Contras, Sandinistas Discuss Location of Cease-Fire Zones
SAPOA, Nicaragua (AP) _ As Sandinista government and rebel negotiators met to work out details for a 60-day cease-fire, a Contra commander vowed the rebels won’t lay down their arms until Nicaragua adopts democratic reforms.
The negotiators, who met Monday, are considering the areas where the rebels, known as Contras, will gather during the cease-fire, which is to begin Friday under the peace accord signed last week in Sapoa.
After about two hours of discussions Monday, the talks were recessed until today, and rebel leaders said there remained obstacles.
High-level talks aimed at reaching a more permanent truce are scheduled for April 6 in Managua, the capital.
The leader of the Sandinista delegation, Maj. Gen. Joaquin Cuadra, deputy defense minister and army chief of staff, told reporters on Monday: ″We come with the same spirit, will and decision of the first meeting.″
Leading the U.S.-backed Contras was Aristides Sanchez, a director of the umbrella Nicaraguan Resistance alliance. He told reporters the rebels presented their plan to the government.
The rebel representatives included Walter Calderon, a former national guardsman now known as Commander Tono; Luis Moreno Payan, who uses the name Commander Mike Lima and is chief of Contra military intelligence; Luis Fley, or Commander Johnson, chief of rebel operations in northern Nicaragua, and Diogenes Hernandez, a commander whose units operate in central Nicaragua.
After Monday’s meeting, Hernandez told a news conference, ″I want to tell the Nicaraguan people and the world that the (rebel) combatants are not going to put down their arms until Nicaragua is a democracy.″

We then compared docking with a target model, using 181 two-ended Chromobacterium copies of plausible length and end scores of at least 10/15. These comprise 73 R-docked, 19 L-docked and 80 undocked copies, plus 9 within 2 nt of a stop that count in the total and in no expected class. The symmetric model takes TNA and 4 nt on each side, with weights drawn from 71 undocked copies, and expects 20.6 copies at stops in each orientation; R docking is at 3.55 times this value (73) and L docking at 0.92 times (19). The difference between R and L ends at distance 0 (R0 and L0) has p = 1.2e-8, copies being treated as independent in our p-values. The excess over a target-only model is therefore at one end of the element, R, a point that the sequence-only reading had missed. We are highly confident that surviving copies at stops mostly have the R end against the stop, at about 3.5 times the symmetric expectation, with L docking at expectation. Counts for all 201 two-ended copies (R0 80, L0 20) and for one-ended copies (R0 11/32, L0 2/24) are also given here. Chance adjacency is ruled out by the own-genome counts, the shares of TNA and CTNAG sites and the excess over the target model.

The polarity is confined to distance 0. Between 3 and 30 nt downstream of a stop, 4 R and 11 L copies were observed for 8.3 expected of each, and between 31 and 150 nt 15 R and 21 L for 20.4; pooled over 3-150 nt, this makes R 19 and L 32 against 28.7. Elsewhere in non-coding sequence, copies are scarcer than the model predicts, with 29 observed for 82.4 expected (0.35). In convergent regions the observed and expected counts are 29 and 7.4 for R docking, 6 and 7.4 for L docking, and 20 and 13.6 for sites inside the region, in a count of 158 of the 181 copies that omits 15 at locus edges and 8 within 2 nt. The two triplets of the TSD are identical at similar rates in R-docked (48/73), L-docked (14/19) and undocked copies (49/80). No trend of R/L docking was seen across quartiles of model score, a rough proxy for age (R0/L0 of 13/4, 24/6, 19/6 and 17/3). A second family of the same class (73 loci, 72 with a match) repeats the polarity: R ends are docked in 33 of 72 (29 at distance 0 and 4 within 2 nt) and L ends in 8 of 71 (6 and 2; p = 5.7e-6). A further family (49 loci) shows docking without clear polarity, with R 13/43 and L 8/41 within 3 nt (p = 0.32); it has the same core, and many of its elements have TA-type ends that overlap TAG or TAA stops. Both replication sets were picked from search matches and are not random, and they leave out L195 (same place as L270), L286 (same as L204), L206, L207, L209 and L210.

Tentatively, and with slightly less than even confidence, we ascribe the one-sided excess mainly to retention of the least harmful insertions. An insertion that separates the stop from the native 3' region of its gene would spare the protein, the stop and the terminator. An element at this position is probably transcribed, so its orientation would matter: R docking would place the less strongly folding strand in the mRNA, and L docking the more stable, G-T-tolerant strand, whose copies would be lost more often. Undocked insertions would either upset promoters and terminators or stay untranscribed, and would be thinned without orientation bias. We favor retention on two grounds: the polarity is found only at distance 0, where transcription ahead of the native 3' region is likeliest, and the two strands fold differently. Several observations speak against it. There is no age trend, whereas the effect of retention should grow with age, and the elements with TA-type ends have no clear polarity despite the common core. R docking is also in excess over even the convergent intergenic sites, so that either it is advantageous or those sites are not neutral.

He said Defense Minister Humberto Ortega proposed last week that a Marxist democracy be established, but Hernandez said the Contras want ″a real democracy like Costa Rica.″
Cuadra declined to respond to Hernandez’s remarks and said Monday’s talks dealt with the ″mechanics of the meeting.″ He said the rebels made no proposals to define the zones where the Contras would gather under a truce.
″We are hoping for an agreement before April 1,″ he added.
A temporary cease-fire has been effect since March 21.
Cuadra said there had been ″violations of the truce of a minor character, but we understand that they are due to the communications problem.″
Sanchez said that in a few days the rebels will free the Sandinistas they are holding captive. He did not give details.
Others in the Sandinista delegation were Deputy Foreign Minister Victor Hugo Tinoco and military intelligence chief Maj. Ricardo Wheelock Roman.
On Sunday, the leftist Sandinista government fulfilled the first part of the cease-fire accord by freeing 100 political prisoners under an amnesty program. Most of them were accused of activities linked to the Contras.
Under the Sapoa agreement, rebel forces are to gather without interference from Sandinista forces in specified zones inside Nicaragua during the first two weeks of April. Monday’s talks between special commissions of the two sides could be extended and were to define ″the location, size and modus operandi″ of those zones, according to the text of the Sapoa accord.
Nothing is said in the Sapoa agreement about the Contras laying down their arms. In past talks, the rebels insisted on keeping their weapons until all provisions of an accord were carried out.
Once rebel fighters have moved into the truce zones, the Contra leadership can send up to eight delegates to participate in national reconciliation talks on April 6.
Last week’s pact provides a gradual amnesty for Nicaragua’s 3,300 political prisoners, guarantees freedom of expression, and permits all exiles to return home and participate in the political process.